Although a growing number of states have approved post traumatic stress disorder (PTSD) as a qualifying condition for medical marijuana use, new research shows that the drug may actually worsen symptoms and increase violent behavior.
A large observational study of more 2000 participants who were admitted to specialized Veterans Administration treatment programs for PTSD showed that those who never used marijuana had significantly lower symptom severity 4 months later than those who continued or started use after treatment. Veterans who were using marijuana at treatment admission but quit after discharge (“stoppers”) also had significantly lower levels of PTSD symptoms at follow-up.
On the other hand, the highest levels of violent behavior were found in the so-called “starters,” those who were not using the substance at admission but who started use after discharge.
At the American Academy of Addiction Psychiatry (AAAP) 25th Annual Meeting, lead author Samuel T. Wilkinson, MD, from the Yale University School of Medicine, in New Haven, Connecticut, told conference delegates that the findings suggest marijuana nullifies the benefits of intensive PTSD treatment.
“This wasn’t a randomized controlled trial. But at least in this study, we found that marijuana is not associated with improvement in PTSD and that initiating marijuana was associated with worsening outcomes in a number of measures,” said Dr Wilkinson.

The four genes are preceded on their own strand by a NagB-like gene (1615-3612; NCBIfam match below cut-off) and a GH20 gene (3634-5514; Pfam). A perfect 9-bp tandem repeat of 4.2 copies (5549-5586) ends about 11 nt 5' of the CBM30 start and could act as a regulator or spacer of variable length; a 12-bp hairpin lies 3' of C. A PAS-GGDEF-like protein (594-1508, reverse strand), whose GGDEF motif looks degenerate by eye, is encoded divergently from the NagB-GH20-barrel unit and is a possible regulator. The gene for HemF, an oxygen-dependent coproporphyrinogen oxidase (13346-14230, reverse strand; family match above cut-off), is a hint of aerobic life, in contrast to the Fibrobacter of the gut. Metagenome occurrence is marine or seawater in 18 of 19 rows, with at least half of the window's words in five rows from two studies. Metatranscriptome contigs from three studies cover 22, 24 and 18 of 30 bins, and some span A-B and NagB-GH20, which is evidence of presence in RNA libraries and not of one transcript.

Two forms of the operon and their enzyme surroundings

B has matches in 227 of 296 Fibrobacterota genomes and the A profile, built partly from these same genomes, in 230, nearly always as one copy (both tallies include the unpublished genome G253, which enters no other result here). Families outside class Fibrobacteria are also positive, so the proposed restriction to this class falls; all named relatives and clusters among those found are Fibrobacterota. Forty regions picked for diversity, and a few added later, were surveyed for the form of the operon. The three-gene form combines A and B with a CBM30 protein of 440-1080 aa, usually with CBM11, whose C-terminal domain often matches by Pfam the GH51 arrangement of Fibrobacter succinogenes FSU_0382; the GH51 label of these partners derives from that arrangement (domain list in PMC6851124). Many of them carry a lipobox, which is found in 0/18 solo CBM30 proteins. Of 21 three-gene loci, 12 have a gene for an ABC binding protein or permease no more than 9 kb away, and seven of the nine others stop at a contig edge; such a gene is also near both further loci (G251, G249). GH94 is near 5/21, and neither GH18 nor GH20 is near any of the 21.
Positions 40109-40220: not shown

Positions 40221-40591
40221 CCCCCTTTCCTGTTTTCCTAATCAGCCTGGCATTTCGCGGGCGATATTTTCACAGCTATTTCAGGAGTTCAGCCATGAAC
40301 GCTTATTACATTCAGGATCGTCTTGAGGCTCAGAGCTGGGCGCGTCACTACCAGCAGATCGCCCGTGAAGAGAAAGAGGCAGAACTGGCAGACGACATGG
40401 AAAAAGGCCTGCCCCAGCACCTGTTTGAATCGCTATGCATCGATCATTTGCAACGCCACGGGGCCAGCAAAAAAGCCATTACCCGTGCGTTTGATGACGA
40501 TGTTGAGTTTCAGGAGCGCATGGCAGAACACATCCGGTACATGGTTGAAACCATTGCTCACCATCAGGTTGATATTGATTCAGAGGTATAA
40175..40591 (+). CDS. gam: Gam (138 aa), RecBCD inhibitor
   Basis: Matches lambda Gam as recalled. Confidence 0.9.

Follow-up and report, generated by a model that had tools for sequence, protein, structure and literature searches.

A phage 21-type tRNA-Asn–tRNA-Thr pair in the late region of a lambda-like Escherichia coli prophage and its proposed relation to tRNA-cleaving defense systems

Little Substantive Evidence
Despite the fact that a number of states have approved the use of medical marijuana for PTSD, there’s little evidence to support its use for treatment of the disorder.
“There have been a few longitudinal assessments, but no randomized controlled trials showing efficacy and safety,” added Dr Wilkinson.
The investigators evaluated data from the Northeast Program Evaluation Center for veterans who were admitted across the United States between 1991 and 2011 into specialized intensive PTSD treatment programs lasting a mean of 42.5 days.
A total of 2276 representative veterans were included in this analysis. They were split into four groups: in addition to the marijuana starters (n = 831), those with no use at treatment admission or after discharge were placed in the “never used” group (n = 850); those using at admission and after discharge were placed in the “continuing use” group (n = 296); and those who quit using after treatment were in the “stoppers” group (n = 299).
All were evaluated at admission and at a follow-up 4 months after discharge. Measures used included the short version of the Mississippi Scale (MISS) to assess PTSD symptom severity, the drug and alcohol subscales of the Addiction Severity Index (ASI), and reports of violent behavior.
Results showed that use of marijuana was significantly associated with higher PTSD symptom severity, as well as higher levels of violent behavior and alcohol and drug use.
Scores on the MISS showed that all groups except the starters had at least some improvement. However, the lowest levels of PTSD symptoms at the 4-month follow-up were in the marijuana stoppers, with a score decrease of 7.9% (P < .0001 vs the continuing users and the starters), and in the never users, with a score decrease of 5.5% (P < .0001 vs the starters).